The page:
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Work progresses on 60 - in Iowa

WORTHINGTON -- While snowmobile enthusiasts may not appreciate the brown grass and mild temperatures many Midwesterners have enjoyed of late, the weather has been ideal for those working in road construction -- particularly on the Highway 60 expansion project in Iowa.

Mike Kruger, Cherokee-based resident construction engineer with the Iowa Department of Transportation, said recent weather has more than made up for rain delays encountered earlier this spring.

"Overall, we had a pretty wet spring, at least on the Sibley bypass trying to get the grading process started," said Kruger. "Once the weather cleared up, we made pretty good progress and we're basically on schedule right now."

Kruger, who oversees the Highway 60 road construction project from the Minnesota border to south of Sheldon, said the Ashton bypass was the first to be completed along the stretch of roadway. That bypass opened this spring, while the Sheldon bypass was opened to four-lane traffic just a few weeks ago. The third and final bypass is around Sibley, a project slated to open in late summer or early fall 2007.

"We're finishing up the grading this fall, and some of the structures such as the bridges are completed or we're working on completing yet this fall," Kruger said. "A few bridges will be finished up in the spring, and we'll have a few touch-up projects. The bulk of the grading is essentially completed at this time."

Kruger said as long as the weather continues to cooperate, workers are putting as much time into the road construction project as possible.

"We've been fortunate to get enough fall and are progressing maybe a little bit longer than we have in other years," he added.

Before the snow comes to stay for a while, Kruger said crews are continuing to work on connecting the Sheldon bypass to the existing roadways both north and south of the community. Once the connections are completed, crews will work their way north toward Sibley with main-line paving and shoulder work. Kruger said the four-lane could be opened by mid- to late-December, depending on the weather.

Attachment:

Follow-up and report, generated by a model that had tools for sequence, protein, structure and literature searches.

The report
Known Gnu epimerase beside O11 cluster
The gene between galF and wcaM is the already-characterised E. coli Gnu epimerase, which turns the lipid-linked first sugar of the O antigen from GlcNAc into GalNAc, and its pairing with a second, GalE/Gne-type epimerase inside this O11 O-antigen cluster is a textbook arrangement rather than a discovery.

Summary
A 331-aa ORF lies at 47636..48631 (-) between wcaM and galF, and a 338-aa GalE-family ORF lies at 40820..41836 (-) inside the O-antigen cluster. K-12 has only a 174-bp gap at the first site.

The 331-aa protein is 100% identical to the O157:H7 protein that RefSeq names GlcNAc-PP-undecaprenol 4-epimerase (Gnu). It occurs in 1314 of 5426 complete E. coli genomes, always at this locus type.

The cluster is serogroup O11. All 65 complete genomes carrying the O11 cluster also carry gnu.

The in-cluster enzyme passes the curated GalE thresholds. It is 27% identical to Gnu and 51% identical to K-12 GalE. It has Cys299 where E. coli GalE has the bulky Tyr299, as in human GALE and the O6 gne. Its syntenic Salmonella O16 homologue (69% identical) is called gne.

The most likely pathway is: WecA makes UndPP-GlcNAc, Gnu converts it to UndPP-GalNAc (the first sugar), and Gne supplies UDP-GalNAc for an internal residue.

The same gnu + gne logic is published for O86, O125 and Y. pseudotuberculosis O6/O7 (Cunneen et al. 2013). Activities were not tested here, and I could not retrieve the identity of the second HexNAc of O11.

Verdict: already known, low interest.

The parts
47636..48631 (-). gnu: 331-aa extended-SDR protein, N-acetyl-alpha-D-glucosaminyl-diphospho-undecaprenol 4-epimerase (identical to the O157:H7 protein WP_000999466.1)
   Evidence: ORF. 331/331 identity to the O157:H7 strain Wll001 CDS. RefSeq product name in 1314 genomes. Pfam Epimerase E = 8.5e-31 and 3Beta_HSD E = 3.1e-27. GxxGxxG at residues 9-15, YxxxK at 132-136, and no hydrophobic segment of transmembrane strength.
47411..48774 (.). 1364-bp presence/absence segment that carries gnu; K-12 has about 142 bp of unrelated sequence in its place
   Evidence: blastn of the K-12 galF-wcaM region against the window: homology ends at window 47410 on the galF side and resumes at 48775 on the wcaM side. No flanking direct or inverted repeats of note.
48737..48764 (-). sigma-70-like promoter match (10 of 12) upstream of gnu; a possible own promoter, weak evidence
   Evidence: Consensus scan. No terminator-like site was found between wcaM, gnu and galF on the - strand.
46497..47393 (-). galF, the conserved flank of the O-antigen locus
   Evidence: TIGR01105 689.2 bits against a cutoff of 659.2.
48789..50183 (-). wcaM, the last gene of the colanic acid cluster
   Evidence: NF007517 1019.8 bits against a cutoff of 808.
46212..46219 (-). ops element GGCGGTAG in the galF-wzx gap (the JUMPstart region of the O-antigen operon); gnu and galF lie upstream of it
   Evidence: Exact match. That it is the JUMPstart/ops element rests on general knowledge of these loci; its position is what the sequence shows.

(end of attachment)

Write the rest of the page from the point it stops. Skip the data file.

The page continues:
Once the Sibley project -- the bypass and four-lane highway that will stretch north to about three-fourths of a mile south of Bigelow -- is complete by fall 2007, Kruger said all of Iowa's portion of Highway 60 will be completed.

What about Minnesota?

Minnesota began the process of expanding Highway 60 to four-lane years before Iowa did, and yet the state won't finish the job for likely 20 years or more after Iowa.

Blame it on a lack of money or the legislature's failure to take action and you'd be right on both counts, according to Peter Harff, project manager in the District 7 office of the Minnesota Department of Transportation office in Mankato.

"Iowa funded the road," he said. "If you, as an electorate, don't vote for transportation funding, you don't get roads -- that's the reality."

But Minnesotans did vote for transportation money earlier this month in a constitutional amendment that will dedicate 100 percent of motor vehicle sales tax (MVST) to roads and transit by 2011. Whether some of that money will be appropriated for Highway 60, however, remains to be seen.

"MVST passed, but the legislature didn't approve more money for bonding," Harff said. "We do know more money will go to transportation, but we don't know what projects will be funded."

Gov. Tim Pawlenty has said he'd like to see the Highway 60 project moved up in the timeline of road construction projects, but Harff said it will require legislators to pass a bonding bill.

"If that happens, they are looking at a possible 2010 start date, but it would be very difficult to achieve that because of the sheer ... amount of work that has to be done in designing the plan and acquisition of rights of way," Harff said. "That takes a lot of time."

Harff said MnDOT stopped dedicating staff and resources to the Highway 60 project after the legislature failed to pass a bonding bill because those resources were needed on other projects.

"As it is, we're half a year or more behind where we were at that time," he added.

Harff said nothing has changed with MnDOT's plans for Highway 60 in the last couple of years. The department still plans to begin work on the Bigelow bypass next summer -- a project he estimates will take two years.

"(Work) from Bigelow to Worthington continues to be a long ways out," he said, adding that the road won't be built up to four lanes before 2015, unless special funding becomes available.

If funds do become available, Harff said the Bigelow to Worthington four-lane project would start in 2011, and that's a big "if."

Still, he said the Worthington-Bigelow section does take precedence over the Windom-St. James four-lane construction project.

"I wouldn't even venture a guess when the rest would be completed," said Harff, adding that from Windom to St. James, MnDOT has completed the four-lane bypasses around Butterfield and Mountain Lake. "(The project) is beyond 2023, which is the next planning timeline.

"After that, who knows how we will fund transportation," he continued. "We do have it on the list as a piece of work that has to be done, but there are other projects on the list that are a higher priority, that have more crashes or a higher traffic count, that we don't know how we're going to fund yet."

Julie Buntjer

Julie Buntjer joined the Globe newsroom in December 2003, after working more than nine years for weekly newspapers. A native of Worthington, she has a bachelor's degree in agriculture journalism. Find more of her stories of farm life, family and various other tidbits at

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